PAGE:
Time will tell which of those two scenarios fits best to reality, but in the meantime, I adhere to a contrarian camp who thinks that HP still has room for even modest growth. Assuming a reasonable P/E ratio of 10, the current price assumes a decrease of HP's earnings of 0.5%% annually over the next 5 years, giving us a 2016 price of 35$. A 8% discount rate would then justify the current 24.45$ at the end of the August 22nd. However, we know that HP has been growing earnings at about 8% a year over the past 10 years, and they went through two recessions over that period. Let's make another assumption and let's say that the acquisition of Autonomy puts some breaks on the growth of HP's earnings and that the company is only able to grow EPS at 5% per annum. We find ourselves with a 2016 price of 48$ per share. 

For the long term investor who is knowledgeable of the tech industry, this must be a great entry price into a company that has rewarded investors with a solid performance in the past 10 years, considering it's seize. With my limited knowledge of this particular industry, I used four different measurements and I came to the conclusion that the current price of HP's stock is overly pessimistic. The earlier stated P/E method gave me a 48$ price tag on shares of HP. 

Interestingly enough, HP has managed to grow it's book value per share over the past 10 years at about 7.5% per year. Assuming they can manage to keep that pace, we end up with a book value of nearly 23$ per share in 2016. At the current depressed Price/Book ratio of 1.6, we end up with a price per share of 38$. 

We can also look at free cash flow per share, which I calculated to have grown about 7% per year over the same period, even if it has been swigging wildly as it can be seen on the above chart. Keeping HP's stock for 5 years and using a 8% discount rate, I ended up with a present value of 49$ per share for HP. Free cash flow per share would end up being about 4$ per share in 2016, If we use a reasonable Price/Free cash flow ratio of 10, we end up with a 2016 price per share of 40$ per share.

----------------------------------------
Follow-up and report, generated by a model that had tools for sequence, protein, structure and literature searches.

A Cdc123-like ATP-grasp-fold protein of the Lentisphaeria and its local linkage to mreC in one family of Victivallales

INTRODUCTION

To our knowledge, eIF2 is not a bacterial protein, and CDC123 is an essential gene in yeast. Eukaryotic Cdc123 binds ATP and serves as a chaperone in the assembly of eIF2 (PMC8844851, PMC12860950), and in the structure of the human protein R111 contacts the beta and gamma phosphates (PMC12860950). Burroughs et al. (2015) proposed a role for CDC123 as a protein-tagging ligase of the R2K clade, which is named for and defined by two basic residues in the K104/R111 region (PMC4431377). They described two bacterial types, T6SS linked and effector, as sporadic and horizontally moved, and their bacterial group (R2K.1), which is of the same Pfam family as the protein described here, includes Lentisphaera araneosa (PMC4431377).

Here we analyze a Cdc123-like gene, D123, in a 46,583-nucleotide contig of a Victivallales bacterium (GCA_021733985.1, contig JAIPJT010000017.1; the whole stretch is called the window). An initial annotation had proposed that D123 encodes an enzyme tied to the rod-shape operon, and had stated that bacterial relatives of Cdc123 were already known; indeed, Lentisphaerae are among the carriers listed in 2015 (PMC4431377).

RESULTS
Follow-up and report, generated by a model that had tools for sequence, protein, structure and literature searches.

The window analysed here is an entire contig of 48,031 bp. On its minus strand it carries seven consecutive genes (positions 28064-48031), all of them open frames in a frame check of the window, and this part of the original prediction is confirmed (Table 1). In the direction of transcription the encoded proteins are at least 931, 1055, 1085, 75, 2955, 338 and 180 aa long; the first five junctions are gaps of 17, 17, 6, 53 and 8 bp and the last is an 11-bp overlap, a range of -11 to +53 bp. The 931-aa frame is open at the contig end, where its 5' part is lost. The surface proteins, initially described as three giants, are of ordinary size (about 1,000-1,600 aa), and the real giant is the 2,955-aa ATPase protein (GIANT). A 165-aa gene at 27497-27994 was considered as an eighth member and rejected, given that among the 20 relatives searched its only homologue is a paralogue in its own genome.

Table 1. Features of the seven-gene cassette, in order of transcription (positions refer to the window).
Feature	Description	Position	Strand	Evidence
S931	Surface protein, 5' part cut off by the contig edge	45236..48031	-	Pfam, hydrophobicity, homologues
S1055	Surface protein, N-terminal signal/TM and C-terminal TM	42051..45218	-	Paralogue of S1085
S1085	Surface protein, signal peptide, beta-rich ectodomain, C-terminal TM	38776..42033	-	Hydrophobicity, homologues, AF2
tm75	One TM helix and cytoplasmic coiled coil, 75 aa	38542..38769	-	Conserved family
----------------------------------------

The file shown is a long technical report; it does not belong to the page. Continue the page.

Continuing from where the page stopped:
Assuming that my assumptions are not too flawed, it seems to me therefore that the market is being overly bearish on the long term prospects of Hewlett-Packard. Investors are assuming that the current change of strategy will have negative effects on the company, without taking into account that HP might come out of this crisis as a more profitable company. And it will certainly be more profitable if it dumps it's hardware business and stops acquiring companies at absurd premiums to the current price. 

Disclosure: The author has no position in HPQ and does not intend to initiate one in the near future.

Jun 6, 2011

Microsoft Corporation (NASDAQ: MSFT) and Windows 8 Are On Sale

There is a consensus in play right now in the technology sector and it could be very profitable for investors willing to get in now and position themselves for the revaluation of an opportunity. Microsoft has a dominant position in the technology industry and with Windows enjoying almost a 90% market share in the operating systems business and the Microsoft Office Suite camping on a big chunk of the professional software market, this company is poised to experience growing profits over the coming years.

Investors appear to be anticipating a big drop in the market share of the company because of the rising threat arising from sales of tablets. Analysts seem convinced that iPads and Android tablets will eat the market share of PCs, thus reducing the overall grasp of the market by Microsoft.